This 37,000-mile example carries a pre-sale estimate of $60,000-$70,000 – which seems steep – and it is one of 1,237 V8 models built. Click here for more info and here for more from this sale.
Offered by Artcurial | Château-sur-Epte, France | October 9, 2016
Photo – Artcurial
Ford Motor Company set up shop all over the world after conquering the United States. They had arms in Brazil, Australia, Germany, Britain, and even France (and for the most part, still do). The history of Ford in France is probably the most unusual – founded in 1916, the original company didn’t fare so well because the cars were too pricey.
Enter Émile Mathis, who started building cars under his own name in 1910. At the onset of the 1930s, his fortunes waned and his company was pretty much finished. But Ford, who was also struggling, partnered with the beleaguered French firm and formed Matford (it was technically a joint venture tilted 60/40 in Ford’s favor). Matford copied British Fords, but were British Fords ever this stylish?
The V8 was a 2.2-liter unit that made 60 horsepower. Matford built cars between 1934 and 1942, with the final two years churning out only a few cars as the Germans controlled the factory and focused on trucks. After the war, Mathis was not invited by the French government to continue production, but Ford reformed its company as Ford SAF and built stylish cars until 1954 when it became part of Simca (which later became part of Chrysler until Chrysler sold its European brands to Peugeot).
This pretty 2/3-seater cabriolet was restored in the 1960s. Ford didn’t offer a cabriolet in 1937, so this car was actually bodied by Antem. It’s a rare style that isn’t seen often but it is well done. It has spent a long time in the present collection and is not roadworthy (and doesn’t even have a battery in it). Slight recommissioning is required before enjoyment. It should bring between $20,250-$27,000. Click here for more info and here for more from this sale.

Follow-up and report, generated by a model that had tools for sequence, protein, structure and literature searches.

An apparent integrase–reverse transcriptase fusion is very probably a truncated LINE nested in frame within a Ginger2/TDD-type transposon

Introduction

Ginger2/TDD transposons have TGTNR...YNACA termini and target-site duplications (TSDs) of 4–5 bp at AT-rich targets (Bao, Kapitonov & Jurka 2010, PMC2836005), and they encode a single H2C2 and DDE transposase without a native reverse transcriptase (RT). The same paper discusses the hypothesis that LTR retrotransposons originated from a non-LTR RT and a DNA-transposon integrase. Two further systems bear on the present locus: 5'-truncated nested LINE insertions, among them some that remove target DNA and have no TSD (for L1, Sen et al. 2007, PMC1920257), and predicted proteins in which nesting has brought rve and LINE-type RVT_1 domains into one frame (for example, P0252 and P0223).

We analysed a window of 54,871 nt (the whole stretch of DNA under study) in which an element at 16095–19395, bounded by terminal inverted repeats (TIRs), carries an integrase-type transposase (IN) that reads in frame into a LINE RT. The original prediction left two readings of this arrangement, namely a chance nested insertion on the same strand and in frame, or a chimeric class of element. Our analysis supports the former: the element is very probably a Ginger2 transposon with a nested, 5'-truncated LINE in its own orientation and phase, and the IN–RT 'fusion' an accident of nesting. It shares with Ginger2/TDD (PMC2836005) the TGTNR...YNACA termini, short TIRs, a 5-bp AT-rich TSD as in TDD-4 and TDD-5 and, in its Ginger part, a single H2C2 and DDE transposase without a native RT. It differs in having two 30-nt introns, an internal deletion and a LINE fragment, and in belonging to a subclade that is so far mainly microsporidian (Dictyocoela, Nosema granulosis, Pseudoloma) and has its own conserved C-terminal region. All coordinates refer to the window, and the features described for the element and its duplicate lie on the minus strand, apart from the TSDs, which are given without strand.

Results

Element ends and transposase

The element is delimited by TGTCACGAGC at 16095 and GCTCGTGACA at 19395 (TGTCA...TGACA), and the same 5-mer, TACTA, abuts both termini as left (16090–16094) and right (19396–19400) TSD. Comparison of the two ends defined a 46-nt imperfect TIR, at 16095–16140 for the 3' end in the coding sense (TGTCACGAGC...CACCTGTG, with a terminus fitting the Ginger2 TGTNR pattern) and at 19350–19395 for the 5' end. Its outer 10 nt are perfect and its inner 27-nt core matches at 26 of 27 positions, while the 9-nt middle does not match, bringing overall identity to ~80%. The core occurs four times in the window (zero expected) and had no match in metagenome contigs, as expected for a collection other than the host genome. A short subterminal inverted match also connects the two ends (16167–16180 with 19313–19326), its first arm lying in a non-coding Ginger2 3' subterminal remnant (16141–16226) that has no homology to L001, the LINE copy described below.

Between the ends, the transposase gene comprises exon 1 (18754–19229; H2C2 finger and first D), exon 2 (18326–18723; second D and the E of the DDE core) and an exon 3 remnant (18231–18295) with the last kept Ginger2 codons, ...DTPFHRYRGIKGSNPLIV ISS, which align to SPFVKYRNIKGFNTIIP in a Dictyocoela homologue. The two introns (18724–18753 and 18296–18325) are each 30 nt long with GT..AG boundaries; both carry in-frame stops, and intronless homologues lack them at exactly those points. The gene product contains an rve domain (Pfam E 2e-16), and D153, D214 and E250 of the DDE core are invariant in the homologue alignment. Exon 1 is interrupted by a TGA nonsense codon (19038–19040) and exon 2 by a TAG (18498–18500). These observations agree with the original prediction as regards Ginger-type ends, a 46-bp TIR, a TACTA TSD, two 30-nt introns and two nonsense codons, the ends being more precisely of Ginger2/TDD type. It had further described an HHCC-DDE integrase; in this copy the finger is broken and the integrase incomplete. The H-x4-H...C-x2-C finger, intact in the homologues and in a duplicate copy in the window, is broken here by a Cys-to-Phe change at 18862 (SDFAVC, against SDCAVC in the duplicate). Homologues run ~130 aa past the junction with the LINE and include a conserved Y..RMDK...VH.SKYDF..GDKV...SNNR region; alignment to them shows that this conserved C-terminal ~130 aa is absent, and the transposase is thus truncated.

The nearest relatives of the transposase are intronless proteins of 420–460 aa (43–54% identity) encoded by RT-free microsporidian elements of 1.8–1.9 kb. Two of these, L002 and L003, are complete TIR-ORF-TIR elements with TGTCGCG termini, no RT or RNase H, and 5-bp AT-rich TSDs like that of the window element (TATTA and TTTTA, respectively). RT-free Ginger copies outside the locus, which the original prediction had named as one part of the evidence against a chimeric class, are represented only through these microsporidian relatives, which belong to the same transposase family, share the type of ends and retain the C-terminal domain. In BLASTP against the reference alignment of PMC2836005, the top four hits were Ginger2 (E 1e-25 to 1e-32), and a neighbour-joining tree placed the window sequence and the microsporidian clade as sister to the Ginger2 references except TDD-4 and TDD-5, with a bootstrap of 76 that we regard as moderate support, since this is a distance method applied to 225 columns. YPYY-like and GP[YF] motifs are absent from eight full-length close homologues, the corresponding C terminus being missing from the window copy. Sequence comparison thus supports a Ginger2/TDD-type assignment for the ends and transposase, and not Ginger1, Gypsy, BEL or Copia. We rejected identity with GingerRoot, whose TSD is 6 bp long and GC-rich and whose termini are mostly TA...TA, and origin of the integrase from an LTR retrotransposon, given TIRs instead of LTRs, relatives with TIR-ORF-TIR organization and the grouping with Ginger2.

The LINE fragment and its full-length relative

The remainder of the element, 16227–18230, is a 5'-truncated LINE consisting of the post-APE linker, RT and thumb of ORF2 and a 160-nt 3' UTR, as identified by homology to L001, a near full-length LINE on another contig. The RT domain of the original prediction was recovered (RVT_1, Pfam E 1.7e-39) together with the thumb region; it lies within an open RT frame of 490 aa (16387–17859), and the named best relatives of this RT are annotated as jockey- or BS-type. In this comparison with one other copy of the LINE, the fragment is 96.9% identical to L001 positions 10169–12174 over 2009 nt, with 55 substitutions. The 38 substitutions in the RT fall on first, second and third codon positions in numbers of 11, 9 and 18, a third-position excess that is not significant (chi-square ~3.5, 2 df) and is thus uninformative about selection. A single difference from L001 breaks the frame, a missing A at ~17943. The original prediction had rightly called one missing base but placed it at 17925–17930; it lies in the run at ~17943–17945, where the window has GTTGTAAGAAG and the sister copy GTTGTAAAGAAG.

Offered by RM Sotheby’s | Lake Como, Italy | May 23, 2015
Photo – RM Sotheby’s
Hans Glas GmbH was a German auto manufacturer that built things like the Goggomobil and a few cars under the Glas brand. In 1966, BMW acquired Glas, mainly for their production capacity. They phased out most of the Glas models, or at least changed their names to BMWs. The 3000 was branded as BMW-Glas 3000 V8 for 1967 and 1968.
The original Glas 3000 was designed by Frua. It was a kind of boxy coupe, but when BMW came in, Frua designed this Fastback version. BMW took it to motor shows all over Europe, but it was the only one like it built.
It is powered by a 160 horsepower 3.0-liter V-8. It is coming up for sale off of a fresh restoration and has just under 65,000 miles on the odometer. Being one of one, it will command a premium over all over 3000 V8s. It should sell for between $410,000-$520,000. Click here for more info and here for more from this sale.